Workshop participants also identified a number of successes and best practices associated with safety culture assessment and improvement efforts, including:
- using computer based surveys for initial data collection as they support consistency in the preliminary assessment followed by additional data collection methods (e.g., interviews, focus groups, document reviews, and workplace observations);
- using a third party to support anonymity and open dialogue to gather honest responses;
- building internal capacity around safety culture as an integral step in advancing it throughout the organization;
- ensuring regular engagement with frontline workers in order to understand their challenges, leverage their suggestions, and provide feedback on solutions; and
- tying safety culture assessment data back to other organizational information (e.g., incident data) as a future learning opportunity.
What We Heard about Human and Organizational Factors in Incident Follow-up
During this session, participants identified the following challenges associated with the implementation of human and organizational factors in incident follow-up:
- limited tools and guidance to support the implementation/integration of human and organizational factors; and
- needing increased capacity and competency in human and organizational factors in order to implement systemic changes to current practices.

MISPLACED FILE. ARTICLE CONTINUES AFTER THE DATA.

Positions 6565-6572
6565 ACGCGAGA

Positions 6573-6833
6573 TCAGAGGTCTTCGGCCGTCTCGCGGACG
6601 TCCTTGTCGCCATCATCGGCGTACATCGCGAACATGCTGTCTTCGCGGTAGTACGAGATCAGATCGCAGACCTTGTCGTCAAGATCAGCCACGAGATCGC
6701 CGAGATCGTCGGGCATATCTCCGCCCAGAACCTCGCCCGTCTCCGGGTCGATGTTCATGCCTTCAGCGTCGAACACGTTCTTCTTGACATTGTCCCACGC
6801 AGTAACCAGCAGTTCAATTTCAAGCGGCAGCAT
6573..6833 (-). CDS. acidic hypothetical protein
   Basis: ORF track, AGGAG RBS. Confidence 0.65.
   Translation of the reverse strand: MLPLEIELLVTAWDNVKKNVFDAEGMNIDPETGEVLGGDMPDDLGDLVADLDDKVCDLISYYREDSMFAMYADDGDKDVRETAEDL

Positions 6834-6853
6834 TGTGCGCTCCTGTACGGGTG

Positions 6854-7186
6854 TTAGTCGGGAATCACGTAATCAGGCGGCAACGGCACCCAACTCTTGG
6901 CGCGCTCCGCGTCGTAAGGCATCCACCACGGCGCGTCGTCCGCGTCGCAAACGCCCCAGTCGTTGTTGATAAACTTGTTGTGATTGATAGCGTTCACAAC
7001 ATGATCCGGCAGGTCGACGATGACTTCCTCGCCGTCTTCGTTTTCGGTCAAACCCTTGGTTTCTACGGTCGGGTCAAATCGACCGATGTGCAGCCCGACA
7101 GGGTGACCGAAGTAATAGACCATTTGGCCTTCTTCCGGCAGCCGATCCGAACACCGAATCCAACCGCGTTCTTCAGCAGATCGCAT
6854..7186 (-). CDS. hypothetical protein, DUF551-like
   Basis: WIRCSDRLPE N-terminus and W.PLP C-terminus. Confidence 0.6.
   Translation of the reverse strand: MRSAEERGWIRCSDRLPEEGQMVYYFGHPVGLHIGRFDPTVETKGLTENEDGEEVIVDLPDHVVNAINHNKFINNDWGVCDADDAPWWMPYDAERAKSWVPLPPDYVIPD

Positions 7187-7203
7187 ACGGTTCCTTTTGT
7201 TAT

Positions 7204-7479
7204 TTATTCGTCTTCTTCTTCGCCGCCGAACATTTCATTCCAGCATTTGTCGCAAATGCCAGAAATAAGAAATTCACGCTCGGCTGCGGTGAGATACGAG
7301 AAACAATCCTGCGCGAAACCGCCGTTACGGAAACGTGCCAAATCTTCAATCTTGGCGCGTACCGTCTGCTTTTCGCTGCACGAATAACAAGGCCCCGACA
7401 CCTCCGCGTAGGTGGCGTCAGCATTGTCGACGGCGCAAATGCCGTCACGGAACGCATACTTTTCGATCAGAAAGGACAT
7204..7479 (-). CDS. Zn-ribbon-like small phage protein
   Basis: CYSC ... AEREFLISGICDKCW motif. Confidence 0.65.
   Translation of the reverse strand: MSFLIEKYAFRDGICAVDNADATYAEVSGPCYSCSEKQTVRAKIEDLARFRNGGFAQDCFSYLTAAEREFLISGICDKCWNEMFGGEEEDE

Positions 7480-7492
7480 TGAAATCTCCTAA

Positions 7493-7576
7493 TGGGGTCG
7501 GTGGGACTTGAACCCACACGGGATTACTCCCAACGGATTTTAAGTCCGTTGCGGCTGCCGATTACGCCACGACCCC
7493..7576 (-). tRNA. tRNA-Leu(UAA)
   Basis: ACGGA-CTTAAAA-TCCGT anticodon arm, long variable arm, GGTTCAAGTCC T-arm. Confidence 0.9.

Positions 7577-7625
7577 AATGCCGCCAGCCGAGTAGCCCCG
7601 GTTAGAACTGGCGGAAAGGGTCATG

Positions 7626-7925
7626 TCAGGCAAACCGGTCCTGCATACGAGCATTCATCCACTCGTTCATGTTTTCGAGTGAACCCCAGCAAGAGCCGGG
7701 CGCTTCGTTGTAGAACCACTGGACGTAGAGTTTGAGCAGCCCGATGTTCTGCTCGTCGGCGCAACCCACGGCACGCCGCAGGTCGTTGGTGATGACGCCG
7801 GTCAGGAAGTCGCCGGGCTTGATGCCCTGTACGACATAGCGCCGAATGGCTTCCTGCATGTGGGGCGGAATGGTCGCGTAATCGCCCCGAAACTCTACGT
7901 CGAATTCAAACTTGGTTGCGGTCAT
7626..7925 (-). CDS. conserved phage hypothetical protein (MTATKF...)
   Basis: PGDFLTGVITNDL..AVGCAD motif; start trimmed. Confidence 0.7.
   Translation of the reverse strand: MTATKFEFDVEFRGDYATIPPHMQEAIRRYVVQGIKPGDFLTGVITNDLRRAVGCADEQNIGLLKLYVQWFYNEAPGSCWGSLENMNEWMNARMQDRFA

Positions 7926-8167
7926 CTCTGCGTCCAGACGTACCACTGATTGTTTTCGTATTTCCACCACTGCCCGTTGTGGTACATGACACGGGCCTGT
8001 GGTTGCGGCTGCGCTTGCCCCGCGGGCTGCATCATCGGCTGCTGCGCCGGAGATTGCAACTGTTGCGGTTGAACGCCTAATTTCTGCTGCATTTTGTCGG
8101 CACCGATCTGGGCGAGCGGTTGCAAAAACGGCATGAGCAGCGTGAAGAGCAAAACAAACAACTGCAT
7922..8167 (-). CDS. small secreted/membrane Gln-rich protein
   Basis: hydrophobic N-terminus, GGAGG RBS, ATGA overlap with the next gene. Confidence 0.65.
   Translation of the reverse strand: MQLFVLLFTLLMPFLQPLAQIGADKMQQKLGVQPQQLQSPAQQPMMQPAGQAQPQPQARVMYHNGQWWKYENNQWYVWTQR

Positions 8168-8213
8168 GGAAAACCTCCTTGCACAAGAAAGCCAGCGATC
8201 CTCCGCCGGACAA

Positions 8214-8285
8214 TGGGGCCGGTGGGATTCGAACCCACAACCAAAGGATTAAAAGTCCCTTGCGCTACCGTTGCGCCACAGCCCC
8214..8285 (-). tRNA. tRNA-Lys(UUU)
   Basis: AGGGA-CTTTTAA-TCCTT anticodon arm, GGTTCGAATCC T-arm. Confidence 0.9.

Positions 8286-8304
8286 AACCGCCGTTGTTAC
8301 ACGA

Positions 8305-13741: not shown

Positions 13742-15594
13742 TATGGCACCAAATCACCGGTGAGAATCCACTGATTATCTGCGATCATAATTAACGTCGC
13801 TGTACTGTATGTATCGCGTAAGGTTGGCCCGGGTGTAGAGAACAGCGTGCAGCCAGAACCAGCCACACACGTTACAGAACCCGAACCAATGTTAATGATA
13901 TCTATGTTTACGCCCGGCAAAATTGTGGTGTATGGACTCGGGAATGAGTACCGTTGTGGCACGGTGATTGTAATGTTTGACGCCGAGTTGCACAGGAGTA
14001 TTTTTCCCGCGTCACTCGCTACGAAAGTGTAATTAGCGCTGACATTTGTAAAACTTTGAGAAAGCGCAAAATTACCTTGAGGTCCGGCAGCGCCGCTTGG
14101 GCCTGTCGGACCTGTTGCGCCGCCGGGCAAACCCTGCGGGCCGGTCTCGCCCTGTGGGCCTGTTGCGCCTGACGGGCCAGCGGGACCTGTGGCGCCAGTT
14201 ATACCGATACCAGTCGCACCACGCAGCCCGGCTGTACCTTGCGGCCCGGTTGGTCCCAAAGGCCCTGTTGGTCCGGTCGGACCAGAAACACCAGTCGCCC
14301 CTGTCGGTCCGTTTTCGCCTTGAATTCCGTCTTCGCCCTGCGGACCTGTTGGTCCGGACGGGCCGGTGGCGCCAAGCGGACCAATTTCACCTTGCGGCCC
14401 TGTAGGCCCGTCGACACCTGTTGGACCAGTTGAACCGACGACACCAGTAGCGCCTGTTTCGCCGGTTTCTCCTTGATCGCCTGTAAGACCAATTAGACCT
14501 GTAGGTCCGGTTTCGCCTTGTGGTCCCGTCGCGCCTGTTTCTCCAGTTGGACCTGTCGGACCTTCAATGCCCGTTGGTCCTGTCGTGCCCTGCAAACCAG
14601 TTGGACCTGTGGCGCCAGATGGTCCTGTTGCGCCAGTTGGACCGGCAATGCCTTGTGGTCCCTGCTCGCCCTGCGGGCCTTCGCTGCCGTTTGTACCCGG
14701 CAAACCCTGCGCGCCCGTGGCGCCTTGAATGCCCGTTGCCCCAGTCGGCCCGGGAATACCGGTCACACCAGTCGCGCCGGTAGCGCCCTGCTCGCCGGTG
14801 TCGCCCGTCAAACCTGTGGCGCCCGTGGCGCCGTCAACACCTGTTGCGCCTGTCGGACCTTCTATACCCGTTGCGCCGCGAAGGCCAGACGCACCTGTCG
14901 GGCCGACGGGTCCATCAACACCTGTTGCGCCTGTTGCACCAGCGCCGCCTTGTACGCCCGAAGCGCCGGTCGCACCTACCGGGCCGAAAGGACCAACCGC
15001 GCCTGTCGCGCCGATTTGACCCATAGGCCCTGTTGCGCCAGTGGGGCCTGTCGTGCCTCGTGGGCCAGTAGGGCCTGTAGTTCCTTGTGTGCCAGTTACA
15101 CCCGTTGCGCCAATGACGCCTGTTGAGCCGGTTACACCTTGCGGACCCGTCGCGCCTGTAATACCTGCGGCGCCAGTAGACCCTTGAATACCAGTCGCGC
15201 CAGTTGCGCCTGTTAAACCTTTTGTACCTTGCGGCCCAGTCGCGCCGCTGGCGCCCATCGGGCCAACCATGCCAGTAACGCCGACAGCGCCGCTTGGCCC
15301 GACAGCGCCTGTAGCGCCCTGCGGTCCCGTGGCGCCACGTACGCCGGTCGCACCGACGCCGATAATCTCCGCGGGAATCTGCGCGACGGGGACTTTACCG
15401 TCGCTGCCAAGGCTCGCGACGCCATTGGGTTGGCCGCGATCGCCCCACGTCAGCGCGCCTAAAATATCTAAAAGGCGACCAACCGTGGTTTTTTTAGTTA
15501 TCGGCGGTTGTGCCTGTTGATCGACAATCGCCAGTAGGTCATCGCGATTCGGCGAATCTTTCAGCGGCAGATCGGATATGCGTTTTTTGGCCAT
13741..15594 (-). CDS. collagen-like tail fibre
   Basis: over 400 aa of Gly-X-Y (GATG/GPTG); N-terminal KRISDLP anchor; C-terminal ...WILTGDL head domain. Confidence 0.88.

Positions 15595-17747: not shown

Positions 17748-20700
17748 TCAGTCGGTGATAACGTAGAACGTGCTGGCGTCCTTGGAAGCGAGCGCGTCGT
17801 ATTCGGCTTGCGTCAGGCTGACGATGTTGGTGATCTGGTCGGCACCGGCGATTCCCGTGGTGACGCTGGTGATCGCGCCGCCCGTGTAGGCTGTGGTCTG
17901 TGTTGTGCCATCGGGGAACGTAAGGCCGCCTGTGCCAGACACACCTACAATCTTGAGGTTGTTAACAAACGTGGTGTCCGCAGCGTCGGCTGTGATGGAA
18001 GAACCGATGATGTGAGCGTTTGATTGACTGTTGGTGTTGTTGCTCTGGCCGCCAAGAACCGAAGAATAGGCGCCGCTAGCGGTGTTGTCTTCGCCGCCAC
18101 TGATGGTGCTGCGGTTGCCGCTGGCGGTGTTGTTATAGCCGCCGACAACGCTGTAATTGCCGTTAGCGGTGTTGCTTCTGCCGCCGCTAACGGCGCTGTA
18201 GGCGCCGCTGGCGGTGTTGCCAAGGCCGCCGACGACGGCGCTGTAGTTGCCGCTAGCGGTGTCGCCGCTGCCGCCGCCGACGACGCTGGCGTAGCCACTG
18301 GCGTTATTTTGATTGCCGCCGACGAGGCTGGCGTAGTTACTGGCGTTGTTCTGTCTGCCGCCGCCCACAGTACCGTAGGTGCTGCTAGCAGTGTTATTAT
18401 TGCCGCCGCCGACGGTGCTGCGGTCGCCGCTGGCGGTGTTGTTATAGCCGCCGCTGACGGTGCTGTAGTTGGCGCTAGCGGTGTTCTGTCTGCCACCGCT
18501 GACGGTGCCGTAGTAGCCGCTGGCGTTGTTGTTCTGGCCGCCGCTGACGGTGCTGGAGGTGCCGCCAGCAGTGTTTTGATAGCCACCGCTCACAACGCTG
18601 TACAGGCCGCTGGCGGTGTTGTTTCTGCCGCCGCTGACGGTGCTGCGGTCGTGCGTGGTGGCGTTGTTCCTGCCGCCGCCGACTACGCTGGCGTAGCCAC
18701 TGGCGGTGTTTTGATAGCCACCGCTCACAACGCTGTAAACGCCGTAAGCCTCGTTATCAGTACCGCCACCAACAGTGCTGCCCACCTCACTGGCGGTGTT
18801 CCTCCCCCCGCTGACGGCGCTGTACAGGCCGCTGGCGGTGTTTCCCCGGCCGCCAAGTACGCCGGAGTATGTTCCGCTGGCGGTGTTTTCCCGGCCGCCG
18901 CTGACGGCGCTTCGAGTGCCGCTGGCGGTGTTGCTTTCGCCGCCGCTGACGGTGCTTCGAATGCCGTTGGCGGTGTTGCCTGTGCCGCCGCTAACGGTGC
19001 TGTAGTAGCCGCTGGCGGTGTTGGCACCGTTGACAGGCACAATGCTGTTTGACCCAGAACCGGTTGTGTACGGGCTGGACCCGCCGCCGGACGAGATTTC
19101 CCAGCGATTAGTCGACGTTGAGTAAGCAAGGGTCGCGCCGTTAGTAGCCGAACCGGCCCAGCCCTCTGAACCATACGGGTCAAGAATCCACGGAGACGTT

Workshop participants identified a number of successes and best practices associated with integrating human and organizational factors in incident follow-up, including:
- using root cause and contributing factors analysis tools and techniques, including human and organizational factors categories; and
- using multi-disciplinary teams to conduct incident investigations and reviews to identify systemic deficiencies and reduce potential blind spots.
General Insights Regarding NEB Influence
Workshop participants shared a number of insights about how the NEB may influence safety culture advancement efforts. Suggestions for improvement included:
- identifying and sharing the NEB’s own high learning events and foundational stories with regulatory staff in support of a culture of learning;
- leveraging the NEB’s broader line of sight on industry-wide performance to share themes and trends that a single regulated entity may not have visibility of (i.e., constructive description of failures could be used for industry wide learning); and
- incorporating this knowledge into traditional compliance verification activities (e.g., inspections) to improve dialogue that proactively advances safety and environmental protection.
Participants also identified several topics that could benefit from additional guidance or tools including how to understand why specific safety culture dimensions exist and how to change them following an assessment, determining human factors categories for incident recording and trending and best practices used by regulators in other high hazard industries (e.g., nuclear, civil aviation, etc.).
Participant feedback and evaluation forms noted that this pilot workshop was valuable, and followed a good format with an appropriate group size. The consensus was that it would be helpful to have similar sessions to further explore topics that were identified.
As this pilot was successful, similar sessions may be planned for additional regulated entities.